Russian Fairy Tales (RUSS 047/LITR 047R) -- Spring 2008 -- Swarthmore College

Lecture notes for March 19, 2008

Sibelan Forrester

Vladimir Propp and Formal Analysis

Hand out outline for the 10-page paper – any questions?

Camille’s presentation is on line at:

Vladimir Propp, method based on his 1928 Morphology of the Folktale (Морфология сказки). The intro traces the history of the problem, where fairy tale studies stood as of the late 1920s. Chapter “The Method and Material” (shades of “the Formal Method,” practiced by Russian Formalists – these are the same guys from whom Roman Jakobson came) summarizes his “observations”:

  1. "Functions of characters serve as stable, constant elements in a tale, independent of how and by whom they are fulfilled. They constitute the fundamental components of a tale."
  2. "The number of functions known to the fairy tale is limited.” (21)
  3. "The sequence of functions is always identical. [why the alphabetical symbols are so suitable]” (22) - note that because the Russian alphabet resembles the Greek alphabet there are places where it doesn't match with the Latin/Phoenician alphabet, needs an extra element etc.
  4. "All fairy tales are of one type in regard to their structure.” (23)

Chapter III lists “The Functions of Dramatis Personae” with LOTS of examples – the note at the chapter’s end suggests skimming the whole thing (pp. 25-65) to get the overall idea before going back over it in detail.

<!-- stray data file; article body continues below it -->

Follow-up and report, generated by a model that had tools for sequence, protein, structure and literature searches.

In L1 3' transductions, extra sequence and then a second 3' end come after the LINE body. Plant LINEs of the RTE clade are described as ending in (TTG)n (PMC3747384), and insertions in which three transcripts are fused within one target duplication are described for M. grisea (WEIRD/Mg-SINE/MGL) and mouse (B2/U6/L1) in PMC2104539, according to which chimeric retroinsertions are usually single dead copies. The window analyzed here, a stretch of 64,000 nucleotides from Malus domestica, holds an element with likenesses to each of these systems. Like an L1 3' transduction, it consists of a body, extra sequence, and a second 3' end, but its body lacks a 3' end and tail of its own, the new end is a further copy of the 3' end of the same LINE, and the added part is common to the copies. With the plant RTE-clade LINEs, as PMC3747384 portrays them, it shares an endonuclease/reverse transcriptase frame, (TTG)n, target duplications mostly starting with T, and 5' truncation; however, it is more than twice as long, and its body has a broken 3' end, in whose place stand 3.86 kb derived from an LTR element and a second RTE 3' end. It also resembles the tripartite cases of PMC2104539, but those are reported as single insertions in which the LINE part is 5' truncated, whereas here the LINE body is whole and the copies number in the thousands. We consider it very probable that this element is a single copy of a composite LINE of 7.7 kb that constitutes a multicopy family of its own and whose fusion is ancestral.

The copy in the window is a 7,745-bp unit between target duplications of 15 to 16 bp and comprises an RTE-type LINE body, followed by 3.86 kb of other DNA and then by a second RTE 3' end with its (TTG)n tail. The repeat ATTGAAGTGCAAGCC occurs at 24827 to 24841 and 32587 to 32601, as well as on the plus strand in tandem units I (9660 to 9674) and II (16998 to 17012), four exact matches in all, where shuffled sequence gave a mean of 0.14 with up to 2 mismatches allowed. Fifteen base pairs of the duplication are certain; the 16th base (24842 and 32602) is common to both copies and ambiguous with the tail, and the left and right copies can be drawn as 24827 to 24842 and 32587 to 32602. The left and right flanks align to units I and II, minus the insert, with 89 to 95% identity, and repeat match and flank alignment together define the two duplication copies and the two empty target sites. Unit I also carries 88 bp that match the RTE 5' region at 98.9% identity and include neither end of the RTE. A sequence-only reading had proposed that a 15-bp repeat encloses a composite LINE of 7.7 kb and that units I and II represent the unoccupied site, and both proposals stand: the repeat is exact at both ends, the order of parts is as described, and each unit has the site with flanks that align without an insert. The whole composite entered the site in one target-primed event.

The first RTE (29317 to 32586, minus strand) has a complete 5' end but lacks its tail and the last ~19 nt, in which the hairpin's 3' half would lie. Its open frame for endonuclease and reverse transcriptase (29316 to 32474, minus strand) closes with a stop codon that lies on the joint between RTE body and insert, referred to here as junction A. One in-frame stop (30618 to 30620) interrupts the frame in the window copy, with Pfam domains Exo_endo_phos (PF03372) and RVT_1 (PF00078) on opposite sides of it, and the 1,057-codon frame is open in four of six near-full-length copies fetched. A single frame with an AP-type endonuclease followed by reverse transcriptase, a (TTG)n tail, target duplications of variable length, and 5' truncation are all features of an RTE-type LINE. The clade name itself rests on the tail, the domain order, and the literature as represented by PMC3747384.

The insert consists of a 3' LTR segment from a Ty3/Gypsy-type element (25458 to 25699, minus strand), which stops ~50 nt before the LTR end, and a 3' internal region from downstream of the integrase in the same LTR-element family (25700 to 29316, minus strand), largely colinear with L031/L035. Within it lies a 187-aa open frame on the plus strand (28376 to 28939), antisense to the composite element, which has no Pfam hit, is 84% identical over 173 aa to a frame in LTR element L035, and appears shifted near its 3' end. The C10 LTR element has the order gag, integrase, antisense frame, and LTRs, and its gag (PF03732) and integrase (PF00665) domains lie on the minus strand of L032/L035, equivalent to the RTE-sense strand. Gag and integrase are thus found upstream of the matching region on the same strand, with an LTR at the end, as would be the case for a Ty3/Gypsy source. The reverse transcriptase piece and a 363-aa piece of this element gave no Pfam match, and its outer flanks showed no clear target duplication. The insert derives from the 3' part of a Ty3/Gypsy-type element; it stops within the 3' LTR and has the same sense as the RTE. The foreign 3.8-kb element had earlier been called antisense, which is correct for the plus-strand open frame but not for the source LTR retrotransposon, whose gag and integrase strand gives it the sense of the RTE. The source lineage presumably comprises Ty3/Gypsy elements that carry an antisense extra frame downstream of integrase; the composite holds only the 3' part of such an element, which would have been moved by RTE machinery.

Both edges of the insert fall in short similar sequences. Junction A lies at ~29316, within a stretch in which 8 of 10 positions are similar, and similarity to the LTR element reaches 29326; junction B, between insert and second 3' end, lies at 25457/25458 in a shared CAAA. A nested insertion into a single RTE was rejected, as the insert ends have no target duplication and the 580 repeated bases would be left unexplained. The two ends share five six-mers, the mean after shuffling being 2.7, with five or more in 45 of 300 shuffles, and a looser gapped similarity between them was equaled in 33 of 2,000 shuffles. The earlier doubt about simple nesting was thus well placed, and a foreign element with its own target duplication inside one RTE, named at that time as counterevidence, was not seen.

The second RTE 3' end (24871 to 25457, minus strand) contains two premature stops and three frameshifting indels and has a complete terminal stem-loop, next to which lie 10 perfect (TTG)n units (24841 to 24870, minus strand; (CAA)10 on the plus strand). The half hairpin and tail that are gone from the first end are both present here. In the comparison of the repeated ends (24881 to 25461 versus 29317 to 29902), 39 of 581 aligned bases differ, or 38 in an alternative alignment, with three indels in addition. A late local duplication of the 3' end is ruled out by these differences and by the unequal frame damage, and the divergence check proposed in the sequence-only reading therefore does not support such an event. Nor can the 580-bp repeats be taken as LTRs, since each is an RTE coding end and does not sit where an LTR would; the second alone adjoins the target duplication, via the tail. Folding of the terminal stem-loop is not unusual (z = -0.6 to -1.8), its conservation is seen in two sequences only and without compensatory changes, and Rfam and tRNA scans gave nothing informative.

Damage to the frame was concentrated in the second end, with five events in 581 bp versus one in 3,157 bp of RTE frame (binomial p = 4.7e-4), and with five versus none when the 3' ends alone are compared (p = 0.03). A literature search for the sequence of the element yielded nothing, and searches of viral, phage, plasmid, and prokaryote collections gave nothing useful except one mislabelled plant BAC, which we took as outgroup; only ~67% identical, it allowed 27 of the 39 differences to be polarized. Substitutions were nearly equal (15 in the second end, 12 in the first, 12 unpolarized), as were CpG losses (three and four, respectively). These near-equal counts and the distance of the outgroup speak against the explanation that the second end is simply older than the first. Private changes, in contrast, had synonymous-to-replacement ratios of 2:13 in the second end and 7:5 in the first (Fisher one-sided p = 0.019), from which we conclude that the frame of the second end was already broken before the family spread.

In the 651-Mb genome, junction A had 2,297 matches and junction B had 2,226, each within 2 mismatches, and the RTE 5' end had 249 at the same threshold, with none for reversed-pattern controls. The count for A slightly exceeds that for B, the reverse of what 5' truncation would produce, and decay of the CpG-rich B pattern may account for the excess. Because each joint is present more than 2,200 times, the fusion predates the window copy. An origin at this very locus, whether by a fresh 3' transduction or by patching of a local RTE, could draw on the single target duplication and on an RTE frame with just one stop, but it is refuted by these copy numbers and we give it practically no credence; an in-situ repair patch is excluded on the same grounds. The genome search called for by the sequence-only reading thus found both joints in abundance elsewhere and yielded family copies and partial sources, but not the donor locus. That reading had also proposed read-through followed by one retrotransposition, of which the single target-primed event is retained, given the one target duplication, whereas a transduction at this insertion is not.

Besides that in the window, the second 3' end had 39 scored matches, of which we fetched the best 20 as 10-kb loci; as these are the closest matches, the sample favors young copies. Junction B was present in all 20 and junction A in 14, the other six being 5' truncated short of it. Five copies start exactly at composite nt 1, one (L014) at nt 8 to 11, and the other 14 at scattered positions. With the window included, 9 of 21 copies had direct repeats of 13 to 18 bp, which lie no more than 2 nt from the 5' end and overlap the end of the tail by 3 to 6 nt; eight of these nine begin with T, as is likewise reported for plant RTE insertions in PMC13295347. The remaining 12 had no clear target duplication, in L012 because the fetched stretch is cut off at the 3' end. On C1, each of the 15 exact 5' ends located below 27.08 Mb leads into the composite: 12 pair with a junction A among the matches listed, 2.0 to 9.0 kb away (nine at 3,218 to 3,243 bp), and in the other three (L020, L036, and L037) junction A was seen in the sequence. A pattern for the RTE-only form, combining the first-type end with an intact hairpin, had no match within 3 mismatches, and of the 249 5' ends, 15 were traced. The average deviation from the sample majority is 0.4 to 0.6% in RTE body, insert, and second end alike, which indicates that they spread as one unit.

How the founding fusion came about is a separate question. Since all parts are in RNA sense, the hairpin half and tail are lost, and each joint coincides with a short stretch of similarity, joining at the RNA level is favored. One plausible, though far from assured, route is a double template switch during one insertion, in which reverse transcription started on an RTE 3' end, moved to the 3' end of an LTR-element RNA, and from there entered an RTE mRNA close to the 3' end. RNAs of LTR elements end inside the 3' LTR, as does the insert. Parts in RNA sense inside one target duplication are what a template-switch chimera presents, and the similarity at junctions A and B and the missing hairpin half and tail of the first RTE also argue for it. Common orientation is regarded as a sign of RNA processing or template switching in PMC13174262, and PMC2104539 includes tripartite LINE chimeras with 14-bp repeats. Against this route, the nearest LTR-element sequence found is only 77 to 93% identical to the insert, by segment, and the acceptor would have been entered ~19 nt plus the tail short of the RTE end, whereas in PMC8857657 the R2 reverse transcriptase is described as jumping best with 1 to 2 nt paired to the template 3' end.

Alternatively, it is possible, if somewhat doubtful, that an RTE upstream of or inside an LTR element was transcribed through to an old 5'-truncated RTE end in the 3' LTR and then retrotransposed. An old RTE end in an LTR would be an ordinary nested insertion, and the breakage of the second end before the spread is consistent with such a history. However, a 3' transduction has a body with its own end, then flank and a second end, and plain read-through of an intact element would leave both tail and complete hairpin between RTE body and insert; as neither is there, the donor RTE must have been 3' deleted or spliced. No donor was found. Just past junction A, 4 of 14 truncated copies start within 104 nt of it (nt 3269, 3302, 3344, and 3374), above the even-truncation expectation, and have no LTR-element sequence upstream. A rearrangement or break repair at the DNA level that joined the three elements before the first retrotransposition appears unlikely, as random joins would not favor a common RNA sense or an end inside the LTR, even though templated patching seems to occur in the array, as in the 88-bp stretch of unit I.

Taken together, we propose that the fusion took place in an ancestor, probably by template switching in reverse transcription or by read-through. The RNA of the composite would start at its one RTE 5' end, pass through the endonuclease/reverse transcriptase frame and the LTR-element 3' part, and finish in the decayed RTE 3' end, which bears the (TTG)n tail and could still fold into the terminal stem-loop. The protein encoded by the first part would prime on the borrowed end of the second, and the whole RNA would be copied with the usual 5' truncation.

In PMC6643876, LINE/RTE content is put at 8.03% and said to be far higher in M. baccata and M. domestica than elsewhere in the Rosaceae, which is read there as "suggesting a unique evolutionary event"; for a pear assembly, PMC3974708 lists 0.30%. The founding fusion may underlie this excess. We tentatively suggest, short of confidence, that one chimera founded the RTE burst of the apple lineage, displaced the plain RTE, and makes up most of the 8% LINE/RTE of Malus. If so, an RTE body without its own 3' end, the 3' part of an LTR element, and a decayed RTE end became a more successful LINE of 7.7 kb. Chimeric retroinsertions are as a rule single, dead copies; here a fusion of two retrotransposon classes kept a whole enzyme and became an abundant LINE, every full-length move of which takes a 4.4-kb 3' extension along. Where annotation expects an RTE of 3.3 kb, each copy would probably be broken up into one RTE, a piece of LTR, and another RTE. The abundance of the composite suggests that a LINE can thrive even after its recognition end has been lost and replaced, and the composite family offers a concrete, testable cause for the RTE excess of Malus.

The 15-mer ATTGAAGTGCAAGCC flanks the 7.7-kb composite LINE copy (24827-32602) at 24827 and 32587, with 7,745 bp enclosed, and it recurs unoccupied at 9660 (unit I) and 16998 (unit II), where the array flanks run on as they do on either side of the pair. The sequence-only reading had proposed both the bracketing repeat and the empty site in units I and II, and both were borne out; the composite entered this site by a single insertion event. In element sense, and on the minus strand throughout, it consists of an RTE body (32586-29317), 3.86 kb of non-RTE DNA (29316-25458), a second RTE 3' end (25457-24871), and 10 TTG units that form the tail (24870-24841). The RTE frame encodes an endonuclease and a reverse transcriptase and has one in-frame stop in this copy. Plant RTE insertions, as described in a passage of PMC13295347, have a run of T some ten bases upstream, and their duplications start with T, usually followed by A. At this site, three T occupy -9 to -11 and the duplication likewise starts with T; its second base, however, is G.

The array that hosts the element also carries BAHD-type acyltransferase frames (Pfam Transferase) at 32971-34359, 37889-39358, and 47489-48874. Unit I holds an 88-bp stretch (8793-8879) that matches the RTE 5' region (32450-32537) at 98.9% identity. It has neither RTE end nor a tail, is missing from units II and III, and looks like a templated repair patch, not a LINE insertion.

There are a few chapters (IV-VIII) with refinements or additional stuff; then Ch IX: “The Tale as a Whole,” looking at the way stories are combined (“moves” inserted within one another – remember Ong’s point that the epic is structured like nesting boxes?). The rest is all Appendices – including “Further Techniques of Analysis,” pp. 128-134; “Schemes and Analysis,” and the very brief “List of Abbreviations” which I asked you to read (pp. 149-155) – it’s really all you need, though other parts are fun because they bring in tales you’ve read by now.

Walk through the analysis of “The Magic Swan-Geese,” pp. 96-98, and write up the scheme of all the functions of the tale he gives on p. 99.

So what does this method get you, as a reader or analyst of fairy tales? What’s the point? Formalist analysis is partly designed to teach literary analysis, or folklore analysis, and the questions it raises aim to get at, uncover or underline, the places in a text or tale where there's something interesting, attention-grabbing. (See again the very cool online article on Russian formalists at Some critics of Formalism have referred to this aspect of it as a "cookbook" - but using those terms, what does a cookbook get you?

Return to the class syllabus

Proceed to the lecture notes for Friday, March 21, 2008.